Pastor Scott Hannon
St. John Lutheran Church, Amherst, NY
“This is your king?!,” the leaders of Jesus’ day asked. “This broken and powerless, pathetic man?”
“If you’re the king,” they sneered at Jesus, “then save yourself.”
The soldiers chimed in, “C’mon, King, climb off that cross.”
Unable to help himself the crucified criminal next to Jesus joined the mockery, “Save yourself and us, you so-called Messiah.”
Save yourself – that’s what kings do. They save themselves. The leaders, the soldiers, the criminals, and the crowd (and maybe even Jesus’ own disciples) they couldn’t figure out why he wouldn’t save himself.
The problem, of course, is that they were confused about the man crucified under that sign: “The King of the Jews.” What they didn’t know was that this king was radically different than the kings of this world.
See, kings in this world like to be served. Christ the King came to serve.
Kings in this world like it when others bow. Christ the King humbles himself.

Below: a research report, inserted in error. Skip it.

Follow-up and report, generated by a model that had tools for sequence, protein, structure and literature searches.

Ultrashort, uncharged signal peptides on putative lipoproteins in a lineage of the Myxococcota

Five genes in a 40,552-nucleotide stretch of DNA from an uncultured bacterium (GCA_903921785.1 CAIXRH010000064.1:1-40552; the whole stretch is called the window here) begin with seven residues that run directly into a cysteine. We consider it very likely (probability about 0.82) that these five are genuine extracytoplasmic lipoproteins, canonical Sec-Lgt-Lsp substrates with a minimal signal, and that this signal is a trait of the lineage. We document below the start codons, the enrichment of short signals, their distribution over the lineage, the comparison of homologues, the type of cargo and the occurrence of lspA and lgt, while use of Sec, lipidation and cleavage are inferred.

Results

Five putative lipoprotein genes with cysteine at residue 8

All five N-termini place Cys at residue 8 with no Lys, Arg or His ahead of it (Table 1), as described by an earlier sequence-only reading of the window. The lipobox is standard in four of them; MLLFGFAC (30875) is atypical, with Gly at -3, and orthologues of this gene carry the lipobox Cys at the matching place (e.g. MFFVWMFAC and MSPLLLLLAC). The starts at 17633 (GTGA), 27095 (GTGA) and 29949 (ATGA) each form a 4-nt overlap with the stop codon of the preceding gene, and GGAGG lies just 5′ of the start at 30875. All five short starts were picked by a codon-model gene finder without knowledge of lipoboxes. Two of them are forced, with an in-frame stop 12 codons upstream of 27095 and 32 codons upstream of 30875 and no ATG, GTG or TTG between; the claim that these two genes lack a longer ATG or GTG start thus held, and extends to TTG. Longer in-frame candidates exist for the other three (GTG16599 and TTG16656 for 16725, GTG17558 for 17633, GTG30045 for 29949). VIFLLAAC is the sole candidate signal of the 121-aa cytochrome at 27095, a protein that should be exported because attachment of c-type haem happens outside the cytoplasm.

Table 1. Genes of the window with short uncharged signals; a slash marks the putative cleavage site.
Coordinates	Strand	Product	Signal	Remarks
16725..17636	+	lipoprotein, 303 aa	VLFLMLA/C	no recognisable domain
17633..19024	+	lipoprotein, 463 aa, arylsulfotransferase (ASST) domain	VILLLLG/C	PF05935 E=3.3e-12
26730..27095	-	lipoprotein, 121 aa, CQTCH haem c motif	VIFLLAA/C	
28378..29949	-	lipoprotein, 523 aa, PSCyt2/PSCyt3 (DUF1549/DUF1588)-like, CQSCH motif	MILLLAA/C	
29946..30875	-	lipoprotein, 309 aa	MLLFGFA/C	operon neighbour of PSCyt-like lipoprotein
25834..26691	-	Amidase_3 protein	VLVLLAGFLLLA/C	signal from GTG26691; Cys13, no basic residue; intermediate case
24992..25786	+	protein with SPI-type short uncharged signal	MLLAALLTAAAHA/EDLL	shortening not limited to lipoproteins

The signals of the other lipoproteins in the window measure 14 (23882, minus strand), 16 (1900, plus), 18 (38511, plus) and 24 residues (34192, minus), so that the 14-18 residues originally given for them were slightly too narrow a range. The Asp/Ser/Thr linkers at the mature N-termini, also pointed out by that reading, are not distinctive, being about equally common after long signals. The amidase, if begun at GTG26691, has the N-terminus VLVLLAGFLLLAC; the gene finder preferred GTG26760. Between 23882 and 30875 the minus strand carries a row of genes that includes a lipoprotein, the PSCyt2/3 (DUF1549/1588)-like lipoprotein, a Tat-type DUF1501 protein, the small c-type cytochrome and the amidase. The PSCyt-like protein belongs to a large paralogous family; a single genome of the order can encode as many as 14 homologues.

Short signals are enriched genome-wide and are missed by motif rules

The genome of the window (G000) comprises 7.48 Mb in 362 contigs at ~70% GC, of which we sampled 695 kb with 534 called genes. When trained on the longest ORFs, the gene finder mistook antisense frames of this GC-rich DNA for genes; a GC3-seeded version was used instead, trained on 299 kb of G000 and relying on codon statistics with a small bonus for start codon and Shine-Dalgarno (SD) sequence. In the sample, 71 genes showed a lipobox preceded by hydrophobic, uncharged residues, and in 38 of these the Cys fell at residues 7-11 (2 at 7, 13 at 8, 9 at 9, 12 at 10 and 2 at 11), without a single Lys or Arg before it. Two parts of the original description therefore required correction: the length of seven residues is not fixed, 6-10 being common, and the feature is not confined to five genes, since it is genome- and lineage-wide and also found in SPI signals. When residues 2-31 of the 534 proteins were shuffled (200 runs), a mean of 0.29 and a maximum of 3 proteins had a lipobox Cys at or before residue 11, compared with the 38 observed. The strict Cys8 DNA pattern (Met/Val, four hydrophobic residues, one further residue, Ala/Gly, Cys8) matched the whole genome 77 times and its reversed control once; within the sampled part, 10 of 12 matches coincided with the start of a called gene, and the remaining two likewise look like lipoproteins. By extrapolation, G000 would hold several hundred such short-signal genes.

Kings in this world they ask their people to die for them. Christ the King dies for his people.
Kings in this world demand vengeance. Christ the King demands repentance.
Kings in this world hold grudges. Christ the King forgives even those who killed him.
Kings in this world love power. Christ the King promotes peace.
Kings in this world depend on half-truths. Christ the King is the truth.
Kings in this world save themselves. Christ the King saves us.
This is our King. He is broken that we might be made whole. He is poured out that we might be filled up. He is brought low that we might be lifted. He died that we might live. In his humility, we are exalted.
And so, to those who scoff and sneer, to those who mock and deride, we declare: Yes, this is our King.
And with the repentant thief on the cross we boldly pray, “Jesus, remember me when you come into your kingdom.”
In the Way,